I thought this novel was beautifully written as it has crisp writing and an infusion of emotions that can be detected by the readers universally (I cried reading several scenes). The author conveys social issues such as rape, sexual assault, the inherent misogyny in our society, body ownership, and victim-blaming through the novel immaculately as the writer does not beat around the bush when it is time to talk about those topics and instead, she hands all the straight, hard facts to you. The pacing of the novel was something that I really enjoyed. I did, indeed, find it impeccably paced and I was never once bored reading it as the plot, for me, unceasingly evolved and thickened throughout the novel. In addition, I thoroughly enjoyed the illustrations regarding the markings of the female body or the leaflets given by the rehabilitation centres at the beginning of each chapter.

There are several central characters in this novel, but I will only talk about two of the most important characters – Celeste Morton and Miles Morton – as they are basically the kernel of this novel. Celeste and Miles are siblings; Miles is the older brother of Celeste and he keeps secrets throughout the novel and only occasionally shares his secrets with Celeste if he sees fit, or if he is coerced into giving them up. He is also a character who enjoys studying Mapping Of The Future which is a book that the females in this book use to read the markings on their bodies to get a glimpse of their future. Mapping Of The Future is only intended for females to study and the government bans males from having any career path in this precinct. Miles, being unconventional, goes against the gender norms and double-standard in this society by working illegally under the wings of a renowned female marking reader. I thought Miles was multifaceted and I liked the way he went against the gender norm and double-standards deposited in the society for the entirety of the novel.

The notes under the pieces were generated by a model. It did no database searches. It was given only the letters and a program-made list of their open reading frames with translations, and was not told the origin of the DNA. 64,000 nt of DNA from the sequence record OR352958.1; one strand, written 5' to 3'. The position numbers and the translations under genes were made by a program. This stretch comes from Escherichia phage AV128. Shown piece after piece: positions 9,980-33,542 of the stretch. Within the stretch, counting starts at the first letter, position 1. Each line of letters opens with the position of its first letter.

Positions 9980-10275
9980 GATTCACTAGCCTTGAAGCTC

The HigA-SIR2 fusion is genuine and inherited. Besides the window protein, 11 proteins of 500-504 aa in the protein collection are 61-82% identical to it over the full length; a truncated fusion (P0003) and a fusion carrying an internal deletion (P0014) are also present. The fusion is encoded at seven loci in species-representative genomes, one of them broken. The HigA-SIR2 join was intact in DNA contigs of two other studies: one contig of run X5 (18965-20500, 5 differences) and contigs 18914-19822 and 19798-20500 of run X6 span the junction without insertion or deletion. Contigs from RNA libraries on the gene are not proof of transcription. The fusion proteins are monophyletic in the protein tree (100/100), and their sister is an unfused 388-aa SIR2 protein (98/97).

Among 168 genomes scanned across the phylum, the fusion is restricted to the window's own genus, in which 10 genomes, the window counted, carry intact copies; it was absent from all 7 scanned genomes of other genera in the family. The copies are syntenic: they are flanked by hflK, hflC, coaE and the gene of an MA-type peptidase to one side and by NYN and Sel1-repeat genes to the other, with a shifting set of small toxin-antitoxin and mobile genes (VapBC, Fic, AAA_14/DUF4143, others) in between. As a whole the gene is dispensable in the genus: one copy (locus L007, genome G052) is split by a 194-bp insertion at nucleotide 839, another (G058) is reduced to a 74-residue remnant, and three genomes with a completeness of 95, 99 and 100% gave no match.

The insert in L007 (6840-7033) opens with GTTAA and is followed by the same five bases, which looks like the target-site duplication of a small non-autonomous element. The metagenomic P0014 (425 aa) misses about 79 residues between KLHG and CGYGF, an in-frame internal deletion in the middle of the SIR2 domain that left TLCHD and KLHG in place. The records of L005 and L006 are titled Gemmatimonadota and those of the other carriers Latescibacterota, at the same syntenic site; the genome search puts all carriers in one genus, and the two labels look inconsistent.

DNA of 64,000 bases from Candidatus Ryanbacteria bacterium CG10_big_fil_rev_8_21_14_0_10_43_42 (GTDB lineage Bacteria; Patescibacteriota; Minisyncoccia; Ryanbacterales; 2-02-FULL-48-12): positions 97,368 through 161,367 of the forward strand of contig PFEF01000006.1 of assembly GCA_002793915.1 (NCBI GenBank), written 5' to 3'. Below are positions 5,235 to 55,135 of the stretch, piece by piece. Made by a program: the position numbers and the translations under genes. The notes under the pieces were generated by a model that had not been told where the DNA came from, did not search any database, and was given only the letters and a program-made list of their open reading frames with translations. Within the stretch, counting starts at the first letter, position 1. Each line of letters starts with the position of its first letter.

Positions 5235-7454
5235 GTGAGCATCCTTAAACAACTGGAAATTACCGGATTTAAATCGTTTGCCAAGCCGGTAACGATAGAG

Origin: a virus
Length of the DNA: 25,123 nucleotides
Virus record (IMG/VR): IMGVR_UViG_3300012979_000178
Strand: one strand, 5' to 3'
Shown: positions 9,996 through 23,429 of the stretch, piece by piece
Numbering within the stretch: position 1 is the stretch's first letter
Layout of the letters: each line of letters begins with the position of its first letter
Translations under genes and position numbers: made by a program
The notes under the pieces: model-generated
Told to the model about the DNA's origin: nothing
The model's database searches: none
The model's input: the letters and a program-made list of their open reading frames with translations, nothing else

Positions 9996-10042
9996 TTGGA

As for Celeste, I thought she had great character development throughout the novel. I thought she was a little intramurally misogynistic in the first half of the novel and she also did the victim-blaming thing that bigoted people do (which we can’t really blame her for having those thoughts or executing them because the society and her upbringing brainwashed her into thinking those thoughts were right), and her character growth was very prominent to me after the first half and the internalized misogyny and victim-blaming slowly, but surely, worn off.

Before we end this review, I want to talk about the repulsive father-daughter ritual that every changeling girl has to face in that period of time. So basically, the father will take naked pictures of their TEENAGE daughters to read the markings on their bodies to see if there is any indication of the family’s future. The fathers fundamentally curtail their daughters to mere objects and I find that really disturbing, and while I was reading the book, I couldn’t believe what I was reading and thought my eyes were deceiving me. I was baffled and I still am baffled by that scene alone.

In conclusion, I am proffering this novel with a verdict of 100% (A+). This novel has alluring writing, ties social issues into the story perfectly, and has a very riveting fantasy-esque element tied into it. This is, overall, a timeless piece of literature that I would highly recommend everyone to read.


This is the end of my review for Body Of Stars By Laura Maylene Walter! I hope you all enjoyed it and follow me with your email/Wordpress account to get notifications when I post a new article! Bye!

4 thoughts on “Body Of Stars By Laura Maylene Walter | Book Review